Asian stock markets are trading mixed on Friday with investors mostly treading cautiously following a weak lead from Wall Street where stocks ended lower overnight as worries about the looming fiscal cliff overshadowed some upbeat economic reports.
After an early upmove and a subsequent fall into negative territory, the Australian market edged higher on support at lower levels and is currently trading marginally up amid cautious trades.
Consumer staples, information technology and property trusts stocks are finding support. Energy, mining, financial and industrial stocks are trading mixed.
The benchmark S&P/ASX 200 index, which declined to 4,579.8 after rising to around 4,598 in early trades, is currently up 8 points or 0.2 percent at 4,590.8. The broader All Ordinaries index is up 7.2 points or 0.2 percent at 4,600.1, around 10 points off the day's low of 4,590.2.
Caltex Australia shares are up more than 2 percent following the company returning to profitability thanks to a jump in petrol sales.
Atlas iron, Perseus Mining, Paladin Energy, Aurora Oil & Gas and Regis Resources are trading higher by 2 to 2.4 percent. Boral, Investa Office Fund, Suncorp Group and Seek are also trading notably higher.
Iluka Resources is down 3.3 percent. Fairfax Media is trading lower by 2.7 percent and Boart Longyear is down with a loss of 2.3 percent. Lynas Corp., Bluescope Steel, PanAust, Whitehaven Coal, Crown, Tabcorp Holdings, Insurance Australia Group and Ramsay Healthcare are down 1.5 to 2.5 percent.
APN News & Media shares are down more than 6 percent after the company warned of a sharp slump in full-year earnings. APN said weak advertising markets would slice its underlying net profit for calendar 2012 by more than a third.
In the currency market, the Australian dollar opened weak and was quoting at US$1.0515 in early trades, down 0.3 percent from Thursday's close of US$1.0552.
The Japanese market opened lower with a weak Tankan Survey report and the overnight negative close on Wall Street triggering some selling in early trades. Profit taking after recent gains too contributed to the weak start.
However, with a section of investors picking up stocks at lower levels, the market regained some lost ground subsequently.
Insurance, electric power, pharmaceuticals and foods stocks are trading higher. Shares from textiles, marine transport, automobile and precision instruments sections are trading mixed.
The benchmark Nikkei 225 index, which declined to around 9,688 in early trades, was down 8.6 points or 0.1 percent at 9,734.1 when the morning session ended.
Nisshin Seifun Group, Nisshin Steel Holdings, Nippon Light Metal Holdings, Olympus Corp., Alps Electric and Matsui Securities lost 2 to 3 percent.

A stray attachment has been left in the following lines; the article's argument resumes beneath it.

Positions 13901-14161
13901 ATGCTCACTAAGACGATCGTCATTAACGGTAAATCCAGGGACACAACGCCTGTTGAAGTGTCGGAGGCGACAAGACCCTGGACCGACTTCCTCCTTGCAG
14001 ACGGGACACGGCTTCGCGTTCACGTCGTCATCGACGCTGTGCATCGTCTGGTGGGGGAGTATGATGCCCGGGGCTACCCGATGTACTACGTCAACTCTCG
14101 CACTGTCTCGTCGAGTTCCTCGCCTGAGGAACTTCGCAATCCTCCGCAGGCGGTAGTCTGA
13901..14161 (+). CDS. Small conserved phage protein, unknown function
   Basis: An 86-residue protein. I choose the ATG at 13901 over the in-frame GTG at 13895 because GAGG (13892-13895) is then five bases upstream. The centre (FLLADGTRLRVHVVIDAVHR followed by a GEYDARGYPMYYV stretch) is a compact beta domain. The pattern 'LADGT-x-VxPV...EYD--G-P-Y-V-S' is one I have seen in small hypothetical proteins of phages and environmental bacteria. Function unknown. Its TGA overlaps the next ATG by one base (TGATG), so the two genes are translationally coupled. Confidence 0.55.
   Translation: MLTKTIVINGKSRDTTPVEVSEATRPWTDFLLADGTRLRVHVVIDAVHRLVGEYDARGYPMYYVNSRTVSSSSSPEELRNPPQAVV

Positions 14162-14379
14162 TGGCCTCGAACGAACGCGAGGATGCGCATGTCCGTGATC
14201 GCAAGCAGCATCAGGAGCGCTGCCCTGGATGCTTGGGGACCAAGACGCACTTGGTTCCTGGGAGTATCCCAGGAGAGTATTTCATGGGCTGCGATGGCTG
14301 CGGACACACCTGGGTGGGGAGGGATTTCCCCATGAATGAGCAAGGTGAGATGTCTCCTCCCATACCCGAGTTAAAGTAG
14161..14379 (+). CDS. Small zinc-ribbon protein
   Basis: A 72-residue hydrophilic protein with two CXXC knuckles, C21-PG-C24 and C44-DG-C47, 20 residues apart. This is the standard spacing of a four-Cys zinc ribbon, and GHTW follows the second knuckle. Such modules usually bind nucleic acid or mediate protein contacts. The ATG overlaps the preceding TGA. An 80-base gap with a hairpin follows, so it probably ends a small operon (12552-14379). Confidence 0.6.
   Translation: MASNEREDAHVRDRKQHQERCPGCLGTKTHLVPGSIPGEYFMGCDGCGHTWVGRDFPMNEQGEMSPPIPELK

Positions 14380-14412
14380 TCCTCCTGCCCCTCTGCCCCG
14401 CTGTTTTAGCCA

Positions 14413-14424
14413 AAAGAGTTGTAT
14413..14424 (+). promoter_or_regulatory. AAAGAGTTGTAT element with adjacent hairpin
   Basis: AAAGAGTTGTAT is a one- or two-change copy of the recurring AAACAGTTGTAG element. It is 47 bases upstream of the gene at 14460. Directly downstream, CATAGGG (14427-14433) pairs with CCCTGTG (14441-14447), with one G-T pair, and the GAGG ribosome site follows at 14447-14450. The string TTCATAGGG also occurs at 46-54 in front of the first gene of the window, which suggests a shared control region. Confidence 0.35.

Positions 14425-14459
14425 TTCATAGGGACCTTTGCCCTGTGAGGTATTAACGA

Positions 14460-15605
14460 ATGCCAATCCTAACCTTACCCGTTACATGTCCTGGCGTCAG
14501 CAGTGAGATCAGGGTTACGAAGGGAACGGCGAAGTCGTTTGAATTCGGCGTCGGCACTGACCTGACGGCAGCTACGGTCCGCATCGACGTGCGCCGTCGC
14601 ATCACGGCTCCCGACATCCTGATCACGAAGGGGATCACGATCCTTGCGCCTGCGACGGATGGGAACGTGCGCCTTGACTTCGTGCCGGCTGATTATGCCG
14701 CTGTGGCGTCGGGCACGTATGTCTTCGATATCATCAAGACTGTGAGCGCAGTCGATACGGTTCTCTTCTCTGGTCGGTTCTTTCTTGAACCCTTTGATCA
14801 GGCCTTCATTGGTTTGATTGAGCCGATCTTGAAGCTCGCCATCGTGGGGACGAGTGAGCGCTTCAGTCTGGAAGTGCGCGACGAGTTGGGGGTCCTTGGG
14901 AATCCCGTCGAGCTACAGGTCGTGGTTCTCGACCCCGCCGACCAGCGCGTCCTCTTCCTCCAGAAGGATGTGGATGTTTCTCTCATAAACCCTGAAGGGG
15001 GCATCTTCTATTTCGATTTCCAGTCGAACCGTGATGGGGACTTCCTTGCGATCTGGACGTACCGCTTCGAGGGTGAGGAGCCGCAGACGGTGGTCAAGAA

Hitachi, Nippon Electric Glass, Fast Retailing, Mizuho Financial Group, Mazda Motor, Shinsei Bank, Kobe Steel, Ashai Glass and Nikon Corp. also posted notable losses.
Among the prominent gainers in the Nikkei index, Fujitsu was up more than 5.5 percent. Sharp Corp. gained 5.2 percent.
MS&AD Insurance Group Holdings, Chubu Electric Power, Tokyo Electric Power, Unitika, Citizen Holdings, Trend Micro, Kansai Electric Power, Ube Industries, Oki Electric Industry, Casio Computer and Nippon Sheet Glass moved up by 2 to 3.5 percent.
Sony Financial Holdings, Central Japan Railway, Tokio Marine Holdings, Taiheiyo Cement, IHI Corp., Mitsubishi Logistics Corp. and Tobu Railway also posted strong gains.
According to the Bank of Japan's Tankan Survey, large Japanese companies grew more pessimistic about business conditions in the three months to December. The large manufacturers' business sentiment index deteriorated to minus 12 in the December Tankan, compared with minus 3 in the previous September survey.
In the currency market, the U.S. dollar traded in the upper 83 yen range in early deals in Tokyo. The yen is currently trading at 83.69 to the dollar.
Among other markets in the Asia-Pacific region, Shanghai and Hong Kong are trading notably higher. New Zealand and Singapore are up marginally, while Indonesia, Malaysia, South Korea and Taiwan are trading weak.
On Wall Street, stocks ended lower on Thursday as lingering concerns about the looming fiscal cliff overshadowed a batch of largely upbeat economic data. Profit taking after the recent upward trend too contributed to the weak close.
The major averages ended the session well off their worst levels of the day but still closed firmly in the red. The Dow eased 74.7 points or 0.6 percent to 13,170.7, the Nasdaq slid 21.6 points or 0.7 percent to 2,992.2 and the S&P 500 dropped 9 points or 0.6 percent to 1,419.5.
Major European markets too ended weak on Thursday. The French CAC 40 index edged down by 0.1 percent, while the U.K.'s FTSE 100 index and the German DAX index dipped 0.3 percent and 0.4 percent, respectively.
U.S. crude oil settled below $86 a barrel on Thursday, erasing gains made in the previous session, on continued demand growth concerns despite some upbeat macroeconomic data. A higher than expected surge in inventories too contributed to oil's decline.
Crude for January delivery ended down $0.88 or 1 percent at $85.89 a barrel on the New York Mercantile Exchange.
by RTT Staff Writer
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